Generally when we consider the many plants around us, we imagine them efficiently using the electromagnetic radiation from the Sun via photosynthesis in their leaves — pulling carbon-dioxide from the air, as well as water from the soil via their roots, and grow as quickly as they reasonably can. In reality, the efficiency of this process is less than 10% of the input energy, and the different types of plant metabolisms that have formed over the course of evolution aren’t all the same.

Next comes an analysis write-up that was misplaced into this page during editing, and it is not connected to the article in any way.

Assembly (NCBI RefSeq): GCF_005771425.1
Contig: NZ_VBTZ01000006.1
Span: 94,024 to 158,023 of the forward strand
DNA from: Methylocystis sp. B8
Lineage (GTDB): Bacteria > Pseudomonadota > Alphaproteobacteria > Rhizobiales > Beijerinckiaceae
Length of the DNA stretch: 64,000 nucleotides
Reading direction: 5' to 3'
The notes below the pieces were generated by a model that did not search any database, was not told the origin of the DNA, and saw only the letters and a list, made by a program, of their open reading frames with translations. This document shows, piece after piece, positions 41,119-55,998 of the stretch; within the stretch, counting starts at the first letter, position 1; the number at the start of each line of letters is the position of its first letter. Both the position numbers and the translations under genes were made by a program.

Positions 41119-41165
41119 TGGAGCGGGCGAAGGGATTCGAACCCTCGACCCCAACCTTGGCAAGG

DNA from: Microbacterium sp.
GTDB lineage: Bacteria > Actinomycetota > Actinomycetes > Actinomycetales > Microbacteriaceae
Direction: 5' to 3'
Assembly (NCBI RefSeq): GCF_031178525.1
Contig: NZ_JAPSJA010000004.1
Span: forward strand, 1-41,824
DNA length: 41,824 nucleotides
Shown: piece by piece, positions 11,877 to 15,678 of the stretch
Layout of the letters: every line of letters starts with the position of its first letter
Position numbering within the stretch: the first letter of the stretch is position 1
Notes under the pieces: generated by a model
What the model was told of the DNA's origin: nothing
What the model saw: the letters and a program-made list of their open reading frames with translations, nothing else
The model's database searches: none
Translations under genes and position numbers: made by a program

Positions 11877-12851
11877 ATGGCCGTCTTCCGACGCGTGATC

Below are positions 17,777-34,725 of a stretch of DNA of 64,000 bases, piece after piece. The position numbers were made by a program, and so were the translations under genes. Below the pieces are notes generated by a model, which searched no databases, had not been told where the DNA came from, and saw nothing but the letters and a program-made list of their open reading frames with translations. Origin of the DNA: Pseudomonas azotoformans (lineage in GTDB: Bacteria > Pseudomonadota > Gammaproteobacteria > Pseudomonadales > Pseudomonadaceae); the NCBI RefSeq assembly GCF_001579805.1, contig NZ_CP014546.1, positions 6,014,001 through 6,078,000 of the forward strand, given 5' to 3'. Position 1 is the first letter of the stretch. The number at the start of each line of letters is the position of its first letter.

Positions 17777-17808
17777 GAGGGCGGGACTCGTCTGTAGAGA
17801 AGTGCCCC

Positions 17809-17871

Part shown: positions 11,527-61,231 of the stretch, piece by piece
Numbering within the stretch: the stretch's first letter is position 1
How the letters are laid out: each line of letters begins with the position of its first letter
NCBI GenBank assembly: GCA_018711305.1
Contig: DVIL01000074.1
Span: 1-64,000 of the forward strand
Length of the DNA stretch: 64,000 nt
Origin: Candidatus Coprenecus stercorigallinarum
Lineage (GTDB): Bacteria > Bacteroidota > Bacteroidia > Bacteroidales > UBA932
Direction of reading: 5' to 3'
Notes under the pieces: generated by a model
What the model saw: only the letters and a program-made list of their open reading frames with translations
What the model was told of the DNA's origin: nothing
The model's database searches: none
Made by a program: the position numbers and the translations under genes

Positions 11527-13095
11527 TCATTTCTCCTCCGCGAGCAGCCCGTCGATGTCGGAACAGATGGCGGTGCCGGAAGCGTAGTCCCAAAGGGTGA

Among the plant metabolisms in use today, some use significantly more efficient carbon fixation pathways, while others end up wasting a lot of the energy they obtained from photosynthesis with unnecessarily complicated processes, especially to deal with waste. How fast plants can grow if they had all evolved the most efficient carbon fixation pathway has been the subject of a number of studies these past decades, involving everything from crop plants to trees.
As these studies are showing us, more than a scientific and evolutionary biological curiosity, these genetically engineered plants offer real opportunities in everything from food production to reforestation.